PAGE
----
The gangsters are society's dropouts and spurn legitimate careers. Police find that the risk of arrest and punishment has little effect on them and that cutting off their community links is often the only way of combatting them.

Over tha years, different tactics have been devised for cutting those links, Landlords refuse to renew the gangs' leases. Citizens boycott gangland bars. Neighbors harass gang members with telephone calls and signs demanding that the hoodlums move away. Companies stop hiring yazuka bouncers to keep peace at stockholders meetings - once a popular form of criminals' extortion.

The citizens try to hit where it hurts most. Japanese gangs historically have been deeply involved in theater and nightclub life, so in Kobe the city was induced to close public auditoriums to any show that had gang connections.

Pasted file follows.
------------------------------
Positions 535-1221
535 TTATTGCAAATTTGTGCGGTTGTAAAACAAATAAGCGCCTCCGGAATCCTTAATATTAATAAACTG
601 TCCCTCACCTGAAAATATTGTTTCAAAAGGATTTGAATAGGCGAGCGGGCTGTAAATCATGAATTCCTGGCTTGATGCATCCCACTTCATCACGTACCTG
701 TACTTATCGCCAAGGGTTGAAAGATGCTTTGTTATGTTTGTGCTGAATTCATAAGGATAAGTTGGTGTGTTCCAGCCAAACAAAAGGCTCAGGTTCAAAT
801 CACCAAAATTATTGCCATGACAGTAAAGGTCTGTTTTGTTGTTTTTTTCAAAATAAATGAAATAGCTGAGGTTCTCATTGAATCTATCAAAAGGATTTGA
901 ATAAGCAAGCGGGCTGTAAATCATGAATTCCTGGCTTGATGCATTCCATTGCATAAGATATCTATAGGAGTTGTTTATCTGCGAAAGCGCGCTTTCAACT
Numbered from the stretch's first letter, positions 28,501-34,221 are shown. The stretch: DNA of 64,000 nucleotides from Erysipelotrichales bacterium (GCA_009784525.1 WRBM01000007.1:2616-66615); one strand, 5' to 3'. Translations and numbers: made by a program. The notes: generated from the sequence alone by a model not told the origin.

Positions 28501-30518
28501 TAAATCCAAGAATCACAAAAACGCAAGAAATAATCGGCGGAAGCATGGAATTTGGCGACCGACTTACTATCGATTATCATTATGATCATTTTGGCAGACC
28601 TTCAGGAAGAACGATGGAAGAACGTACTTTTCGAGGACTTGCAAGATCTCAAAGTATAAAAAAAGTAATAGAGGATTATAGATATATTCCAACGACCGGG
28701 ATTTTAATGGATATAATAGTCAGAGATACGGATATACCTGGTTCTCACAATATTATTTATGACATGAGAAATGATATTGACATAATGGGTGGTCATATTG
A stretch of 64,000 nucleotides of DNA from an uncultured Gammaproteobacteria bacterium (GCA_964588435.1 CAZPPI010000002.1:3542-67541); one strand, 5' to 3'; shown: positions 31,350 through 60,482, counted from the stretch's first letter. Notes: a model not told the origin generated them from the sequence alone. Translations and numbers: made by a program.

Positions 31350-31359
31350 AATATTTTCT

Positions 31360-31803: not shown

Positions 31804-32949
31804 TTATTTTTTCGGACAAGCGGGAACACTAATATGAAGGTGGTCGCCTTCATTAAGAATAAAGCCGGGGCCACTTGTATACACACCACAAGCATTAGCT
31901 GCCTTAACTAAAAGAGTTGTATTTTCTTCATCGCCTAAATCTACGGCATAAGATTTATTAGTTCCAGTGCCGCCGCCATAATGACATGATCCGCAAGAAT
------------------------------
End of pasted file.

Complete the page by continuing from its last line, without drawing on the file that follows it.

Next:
When one major gang tried to arrange a large Appalachian-style meeting, the local government and news media pressured them out. The gang arranged to hold the meeting in Seoul, South Korea, but police there also were induced to clamp down. Finally, the gang settled for a quiet little gathering in southern Japan.

Another gang planned an ostentatious pilgrimage to the famous Kinpiro temple on the island of Shikoku. The citizens responded by closing the bars and shops, leaving no place for the gangsters to celebrate after theirs religious celebration.

In Osaka last July, citizens and the news media descended on one gangster's house behind a parade of Boy Scouts, a band marching girls and large placards. The gangster was summoned into the street where a neighborhood proclamation was read to him. It said: